The nonprofit warehouse, founded in 2003, supplies reclaimed wood for about 20 companies that make everything from furniture and kayaks to bikes. The Detroit Audio Lab is even developing speakers that Wallace says could pair well with his guitars.
“I thought it was a really cool idea as soon as I heard about it,” Rutherford says of the guitars. “The more wild and crazy the idea, the more I’m on board with it.”
The ASW deconstruction crew usually gathers the wood, but sometimes Wallace finds gems he brings back.
“Once we remove it from the structure, we de-nail it, process it, bundle it, then check its moisture, and if we need to, we’ll get it kiln-dried,” Rutherford says.
The wood then goes through a gluing and sanding process before it’s sent to a luthier who puts the guitars together. By the end, a dozen people have touched the guitar.
Opening a maroon case, Wallace takes out a guitar from the Cadillac plant at 9501 Conner to show staffers who’ve never seen the finished product.
Holding the 6-pound guitar, operations manager Chris Tupper, marvels at the glossy instrument. “It’s a lot lighter than I thought it was going to be,” he says.
Wallace points out the serial number he started adding inside the neck pocket, where the neck connects to the body.
“It’s like taking a Harley-Davidson apart,” he says. “If all the numbers match, it’s official. It’s sort of a throwback to the automotive industry.”
Wallace admits he didn’t know if the first guitars would even work.
“I’ve put this in the hands of a lot of players who know about instruments, that play very expensive instruments, that play cheap instruments and everyone is surprised by how well they play and how great they sound,” he says.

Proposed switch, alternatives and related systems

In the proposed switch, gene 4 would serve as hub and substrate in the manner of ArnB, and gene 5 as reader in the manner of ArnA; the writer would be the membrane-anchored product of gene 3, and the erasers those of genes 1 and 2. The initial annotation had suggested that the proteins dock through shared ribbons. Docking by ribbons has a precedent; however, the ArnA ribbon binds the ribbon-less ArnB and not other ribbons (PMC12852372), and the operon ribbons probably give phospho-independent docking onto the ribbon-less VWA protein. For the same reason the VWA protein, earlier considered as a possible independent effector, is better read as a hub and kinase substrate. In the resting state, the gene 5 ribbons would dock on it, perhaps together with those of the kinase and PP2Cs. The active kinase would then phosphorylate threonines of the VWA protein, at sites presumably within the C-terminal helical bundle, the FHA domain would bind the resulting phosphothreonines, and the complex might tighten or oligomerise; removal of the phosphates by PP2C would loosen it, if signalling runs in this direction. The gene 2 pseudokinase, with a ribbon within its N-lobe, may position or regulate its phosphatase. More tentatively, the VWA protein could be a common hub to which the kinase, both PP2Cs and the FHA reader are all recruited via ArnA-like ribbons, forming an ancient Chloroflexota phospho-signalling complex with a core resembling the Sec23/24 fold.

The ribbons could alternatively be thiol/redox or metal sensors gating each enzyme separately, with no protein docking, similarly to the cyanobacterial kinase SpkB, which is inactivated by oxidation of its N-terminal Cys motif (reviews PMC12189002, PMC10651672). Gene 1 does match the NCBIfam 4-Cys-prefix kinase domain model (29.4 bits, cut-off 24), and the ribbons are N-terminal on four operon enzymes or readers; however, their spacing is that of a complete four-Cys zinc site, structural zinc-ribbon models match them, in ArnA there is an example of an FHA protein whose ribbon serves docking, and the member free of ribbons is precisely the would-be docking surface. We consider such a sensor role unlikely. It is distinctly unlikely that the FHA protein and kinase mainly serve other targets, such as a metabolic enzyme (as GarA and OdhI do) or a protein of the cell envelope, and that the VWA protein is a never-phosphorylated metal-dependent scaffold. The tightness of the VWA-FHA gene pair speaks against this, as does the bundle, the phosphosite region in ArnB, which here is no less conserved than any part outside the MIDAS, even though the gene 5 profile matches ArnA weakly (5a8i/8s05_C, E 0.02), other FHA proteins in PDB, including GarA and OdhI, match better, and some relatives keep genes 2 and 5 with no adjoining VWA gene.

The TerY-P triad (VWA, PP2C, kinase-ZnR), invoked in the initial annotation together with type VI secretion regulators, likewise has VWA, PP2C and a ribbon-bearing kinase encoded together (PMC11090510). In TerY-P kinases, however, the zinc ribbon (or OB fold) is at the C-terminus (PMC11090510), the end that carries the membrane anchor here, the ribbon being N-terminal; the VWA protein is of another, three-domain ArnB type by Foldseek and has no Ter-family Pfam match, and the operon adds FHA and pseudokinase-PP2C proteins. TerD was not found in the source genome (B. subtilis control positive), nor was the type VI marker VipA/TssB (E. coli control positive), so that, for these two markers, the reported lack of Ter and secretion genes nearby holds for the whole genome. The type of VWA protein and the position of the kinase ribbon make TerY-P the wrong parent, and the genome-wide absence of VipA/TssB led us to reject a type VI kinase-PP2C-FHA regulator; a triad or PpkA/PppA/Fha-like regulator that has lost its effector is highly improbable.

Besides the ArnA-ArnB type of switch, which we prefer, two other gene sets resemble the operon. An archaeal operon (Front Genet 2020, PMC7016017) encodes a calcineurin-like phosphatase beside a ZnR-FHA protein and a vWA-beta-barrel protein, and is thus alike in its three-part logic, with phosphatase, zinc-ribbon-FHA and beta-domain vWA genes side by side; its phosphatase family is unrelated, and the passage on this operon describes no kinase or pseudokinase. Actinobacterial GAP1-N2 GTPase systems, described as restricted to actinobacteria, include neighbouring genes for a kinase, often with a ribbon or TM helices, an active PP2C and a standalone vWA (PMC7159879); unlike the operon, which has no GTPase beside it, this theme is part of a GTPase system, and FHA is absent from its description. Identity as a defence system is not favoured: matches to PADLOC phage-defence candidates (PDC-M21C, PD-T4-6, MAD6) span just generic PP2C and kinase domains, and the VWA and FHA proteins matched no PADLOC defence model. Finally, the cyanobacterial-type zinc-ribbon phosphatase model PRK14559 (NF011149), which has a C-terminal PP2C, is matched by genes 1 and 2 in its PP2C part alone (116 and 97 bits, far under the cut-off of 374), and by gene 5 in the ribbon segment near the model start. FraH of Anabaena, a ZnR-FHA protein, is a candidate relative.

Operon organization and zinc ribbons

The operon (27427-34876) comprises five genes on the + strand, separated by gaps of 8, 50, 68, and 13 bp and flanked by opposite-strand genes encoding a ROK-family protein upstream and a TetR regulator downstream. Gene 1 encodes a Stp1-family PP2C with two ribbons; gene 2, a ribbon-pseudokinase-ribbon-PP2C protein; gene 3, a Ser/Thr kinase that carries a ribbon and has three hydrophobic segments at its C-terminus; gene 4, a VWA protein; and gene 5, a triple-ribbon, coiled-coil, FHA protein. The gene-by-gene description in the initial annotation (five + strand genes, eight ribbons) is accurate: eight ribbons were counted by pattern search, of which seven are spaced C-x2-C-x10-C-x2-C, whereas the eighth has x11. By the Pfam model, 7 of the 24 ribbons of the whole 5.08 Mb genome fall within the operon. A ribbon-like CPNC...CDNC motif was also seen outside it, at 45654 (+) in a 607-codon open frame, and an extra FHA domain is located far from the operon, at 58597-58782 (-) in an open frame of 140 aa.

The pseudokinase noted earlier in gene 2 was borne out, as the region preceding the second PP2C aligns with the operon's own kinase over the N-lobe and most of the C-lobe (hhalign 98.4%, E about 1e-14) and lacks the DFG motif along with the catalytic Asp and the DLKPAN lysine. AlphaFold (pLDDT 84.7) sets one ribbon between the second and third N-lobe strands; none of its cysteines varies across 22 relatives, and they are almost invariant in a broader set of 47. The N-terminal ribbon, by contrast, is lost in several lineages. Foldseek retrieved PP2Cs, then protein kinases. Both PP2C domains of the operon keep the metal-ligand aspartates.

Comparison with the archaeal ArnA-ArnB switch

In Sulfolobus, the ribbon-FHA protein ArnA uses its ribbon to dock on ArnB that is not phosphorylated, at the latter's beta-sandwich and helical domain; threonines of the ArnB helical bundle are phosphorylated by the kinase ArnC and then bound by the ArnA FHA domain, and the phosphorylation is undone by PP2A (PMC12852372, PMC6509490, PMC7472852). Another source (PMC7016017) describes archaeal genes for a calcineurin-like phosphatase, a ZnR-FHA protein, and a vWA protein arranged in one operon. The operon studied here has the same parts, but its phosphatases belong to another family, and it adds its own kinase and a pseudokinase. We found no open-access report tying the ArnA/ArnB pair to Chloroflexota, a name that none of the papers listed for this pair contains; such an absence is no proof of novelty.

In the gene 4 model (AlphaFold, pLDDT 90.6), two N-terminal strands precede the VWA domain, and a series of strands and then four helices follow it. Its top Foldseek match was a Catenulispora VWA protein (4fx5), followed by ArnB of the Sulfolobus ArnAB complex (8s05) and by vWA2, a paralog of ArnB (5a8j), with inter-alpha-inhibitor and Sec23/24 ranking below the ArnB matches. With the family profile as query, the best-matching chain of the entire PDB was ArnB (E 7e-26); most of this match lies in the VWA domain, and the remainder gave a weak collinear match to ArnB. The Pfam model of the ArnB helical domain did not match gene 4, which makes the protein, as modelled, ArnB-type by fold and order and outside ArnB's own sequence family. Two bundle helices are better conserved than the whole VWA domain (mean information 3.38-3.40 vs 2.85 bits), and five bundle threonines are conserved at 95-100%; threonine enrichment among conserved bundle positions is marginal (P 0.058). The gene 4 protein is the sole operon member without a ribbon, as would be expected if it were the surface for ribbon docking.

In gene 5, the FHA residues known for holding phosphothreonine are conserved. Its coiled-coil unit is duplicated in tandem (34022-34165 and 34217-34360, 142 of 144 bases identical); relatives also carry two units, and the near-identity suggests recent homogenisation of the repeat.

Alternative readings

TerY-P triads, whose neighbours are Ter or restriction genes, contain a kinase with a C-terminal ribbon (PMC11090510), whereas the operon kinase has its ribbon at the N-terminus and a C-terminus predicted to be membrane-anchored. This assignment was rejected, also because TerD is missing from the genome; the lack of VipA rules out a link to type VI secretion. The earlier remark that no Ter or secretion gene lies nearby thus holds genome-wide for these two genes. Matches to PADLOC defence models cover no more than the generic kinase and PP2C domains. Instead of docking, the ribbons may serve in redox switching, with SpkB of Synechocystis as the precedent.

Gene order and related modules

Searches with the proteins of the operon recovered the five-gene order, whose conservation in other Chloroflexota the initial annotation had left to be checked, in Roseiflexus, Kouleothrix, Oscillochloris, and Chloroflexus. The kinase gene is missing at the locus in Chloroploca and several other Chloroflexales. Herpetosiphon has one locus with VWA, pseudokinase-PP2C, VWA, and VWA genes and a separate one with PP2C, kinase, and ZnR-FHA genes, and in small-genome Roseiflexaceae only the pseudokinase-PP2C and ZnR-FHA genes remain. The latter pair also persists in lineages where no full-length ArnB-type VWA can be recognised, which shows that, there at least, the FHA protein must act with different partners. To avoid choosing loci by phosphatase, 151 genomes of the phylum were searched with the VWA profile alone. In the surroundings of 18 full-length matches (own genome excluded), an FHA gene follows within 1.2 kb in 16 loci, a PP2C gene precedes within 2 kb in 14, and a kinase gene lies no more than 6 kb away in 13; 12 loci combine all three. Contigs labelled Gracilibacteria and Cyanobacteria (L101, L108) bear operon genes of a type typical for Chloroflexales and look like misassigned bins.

Francke attests the guitar has a “vintage” tone that “sounds just like a top-of-the-line Fender Telecaster or Stratocaster.”
“It’s built with the musician in mind,” he says. “It’s not just an item to be admired from afar.”
While the guitars come with a high price tag — reaching $2,450 — Wallace argues they’re handmade and ingrained with the spirit of Detroiters.
“If you think about the history of Detroit, we’re a town full of people who constantly push to make things better,” he says. “Let’s go from a manual transmission to an automatic transmission. Let’s go from doo-wop to Motown. Let’s just make it slightly better and slightly more awesome than what came before it, and I wanted the guitars to reflect that heritage.”
Though sold only online at wallacedetroitguitars.com, Wallace plans to attend the National Association of Music Merchants show in January, where he wants to partner with retailers to sell the guitars in stores. Eventually, he’d like to make guitars from reclaimed wood in other cities like New Orleans — another music city experiencing demolitions and renovations of old buildings.
“Their houses were built out of swamp ash, which is the premiere wood to make the type of guitars that I enjoy playing,” he says.
Throughout his career, he says he’s tried to pull the potential out of people and things — whether it was helping students realize what they could accomplish when he taught high school English in Detroit Public Schools or transforming land into new developments when he worked in real estate.
“The riverfront certainly fits into that category of taking something that’s been used in one way and making it much more valuable to the community,” he says, explaining that he enjoys building parks and transforming decaying factories into greenspace.
“With the guitars it’s similar,” he says. “When you look at this wood, your first response is, ‘Where’s the dumpster? How quickly can we get this in a landfill?’ My mind never lets me stop there. I always think about the productive use of things that people want to ignore.”
Wallace Detroit Guitars